General

Kenney’s Roleplay as Someone Knowledgeable Falls Short

Jason Kenney’s need for approval is clouding his better judgement in the communication to Albertans regarding Covid-19. 

On Tuesday evening the Premier delivered a prime-time address to Albertans regarding the potential outcomes we could face based on Alberta Health Services’ modelling for the pandemic. 

It was a stark warning that the challenge Covid-19 poses to Alberta is serious, but it also struck a hopeful tone of us having the power to determine which outcome we faced collectively. Would we pull together and protect each other and try to keep deaths as low as 400? Or would we see ourselves facing the loss of 6,600 Albertans. 

Other than a brief foray into his conspiratory musings of a plot to suppress Alberta, the speech struck the right balance of frank warning with hopeful potential. It was serious, rational, and mostly fact based. The type of direct communication that a population needs to receive in a time of crisis. 

Premier Kenney noted the technical briefing and data would be shared and broke down in a subsequent availability on Wednesday afternoon. 

The media, and many interested and concerned Albertans tuned in on Wednesday expecting that like in BC and Ontario, public health officials would be able to walk through the data, the assumptions and the likely outcomes. 

Instead they got Premier Kenney doing his best impression of a high school science fair project presentation. (Hat tip to Carrie Tait for that apt assessment). 

Whether this was advised by his communications team or driven by his own need for approval and to be seen as competently managing the crisis, it was a spectacular misstep to not rely on the experts who understood what they were presenting and the work that went into it. 

For nearly an hour the premier stumbled through charts, graphs, and numbers, fumbling to articulate what they meant and how they were arrived at. It was a bewildering piece of amateur hour performance that as many questions as answers. Particularly, what the hell was he thinking?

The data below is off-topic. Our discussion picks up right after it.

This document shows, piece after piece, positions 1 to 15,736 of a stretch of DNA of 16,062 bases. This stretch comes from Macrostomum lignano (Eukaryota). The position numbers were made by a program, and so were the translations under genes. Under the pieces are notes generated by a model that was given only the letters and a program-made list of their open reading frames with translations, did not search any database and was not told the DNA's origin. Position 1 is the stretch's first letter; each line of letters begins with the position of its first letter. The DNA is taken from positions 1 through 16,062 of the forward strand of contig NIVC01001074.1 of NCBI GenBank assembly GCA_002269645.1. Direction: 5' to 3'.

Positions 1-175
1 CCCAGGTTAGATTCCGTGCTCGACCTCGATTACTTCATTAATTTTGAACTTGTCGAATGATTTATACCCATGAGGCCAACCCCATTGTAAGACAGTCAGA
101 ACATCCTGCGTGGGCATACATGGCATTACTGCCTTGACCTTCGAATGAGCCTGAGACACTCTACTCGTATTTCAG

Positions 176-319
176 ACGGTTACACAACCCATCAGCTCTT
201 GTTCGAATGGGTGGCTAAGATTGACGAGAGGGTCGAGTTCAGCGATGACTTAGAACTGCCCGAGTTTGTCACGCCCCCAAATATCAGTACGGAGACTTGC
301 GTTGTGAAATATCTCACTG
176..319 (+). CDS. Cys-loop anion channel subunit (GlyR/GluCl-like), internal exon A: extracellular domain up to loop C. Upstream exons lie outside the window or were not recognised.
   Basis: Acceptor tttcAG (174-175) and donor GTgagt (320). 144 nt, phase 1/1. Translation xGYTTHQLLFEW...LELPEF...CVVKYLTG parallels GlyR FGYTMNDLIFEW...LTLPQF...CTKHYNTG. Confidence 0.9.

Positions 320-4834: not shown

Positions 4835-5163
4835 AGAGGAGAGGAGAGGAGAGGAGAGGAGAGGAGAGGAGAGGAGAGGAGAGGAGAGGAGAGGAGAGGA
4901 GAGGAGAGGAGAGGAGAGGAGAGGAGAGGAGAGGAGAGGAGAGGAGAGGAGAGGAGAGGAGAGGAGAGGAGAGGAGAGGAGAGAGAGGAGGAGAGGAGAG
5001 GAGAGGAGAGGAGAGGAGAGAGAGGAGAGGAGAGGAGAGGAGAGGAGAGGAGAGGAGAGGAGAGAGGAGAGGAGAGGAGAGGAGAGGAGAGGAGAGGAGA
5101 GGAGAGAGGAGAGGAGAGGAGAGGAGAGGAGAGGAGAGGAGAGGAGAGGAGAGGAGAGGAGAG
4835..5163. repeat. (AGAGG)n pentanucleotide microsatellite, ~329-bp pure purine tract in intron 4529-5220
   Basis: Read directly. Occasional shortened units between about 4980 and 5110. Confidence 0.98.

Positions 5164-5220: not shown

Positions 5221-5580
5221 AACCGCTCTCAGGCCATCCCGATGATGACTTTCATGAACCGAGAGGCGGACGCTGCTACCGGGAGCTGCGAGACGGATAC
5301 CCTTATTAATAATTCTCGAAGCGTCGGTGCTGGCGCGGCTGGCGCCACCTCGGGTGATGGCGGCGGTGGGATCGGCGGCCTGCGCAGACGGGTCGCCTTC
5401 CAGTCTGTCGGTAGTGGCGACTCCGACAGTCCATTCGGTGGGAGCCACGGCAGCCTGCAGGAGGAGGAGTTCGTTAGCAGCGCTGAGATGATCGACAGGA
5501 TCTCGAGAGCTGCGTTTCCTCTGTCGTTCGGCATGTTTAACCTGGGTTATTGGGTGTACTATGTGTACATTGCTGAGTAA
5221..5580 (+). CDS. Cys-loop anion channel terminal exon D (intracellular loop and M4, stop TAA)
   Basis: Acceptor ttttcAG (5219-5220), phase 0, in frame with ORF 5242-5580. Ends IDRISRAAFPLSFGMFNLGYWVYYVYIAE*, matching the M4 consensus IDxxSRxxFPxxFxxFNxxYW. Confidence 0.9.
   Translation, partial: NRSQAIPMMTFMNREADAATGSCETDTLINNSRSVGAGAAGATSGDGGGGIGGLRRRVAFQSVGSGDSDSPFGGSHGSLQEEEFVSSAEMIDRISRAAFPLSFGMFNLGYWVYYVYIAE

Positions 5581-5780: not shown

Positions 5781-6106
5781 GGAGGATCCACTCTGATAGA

“Sorry, do you have presentations, doctor, I’m sorry I took so much time, I apologize,” Kenney asked as he looked towards two infinitely more qualified doctors in Dr. Deena Hinshaw, the Chief Medical Officer of Health, and Dr. Verna Yiu, the President and Chief Executive Officer of Alberta Health Services. 

Competent, capable leaders will be visible and engaged in their communications but will defer to experts as a means of sharing important information. 

Were the premier to get up and say “I am happy to be here today to introduce two very qualified and capable leaders in Alberta’s Covid-19 response, they will walk through the data underpinning my speech last night, and then we will take questions,” he would have received full marks from me. 

I’ve yet to see any evidence that roleplaying a public health official or data scientist has any positive impacts on the outcome of our pandemic response; But as the premier continues to demonstrate, his need to put politics first always trumps rationalism. 


This post contains opinion and informed analysis.

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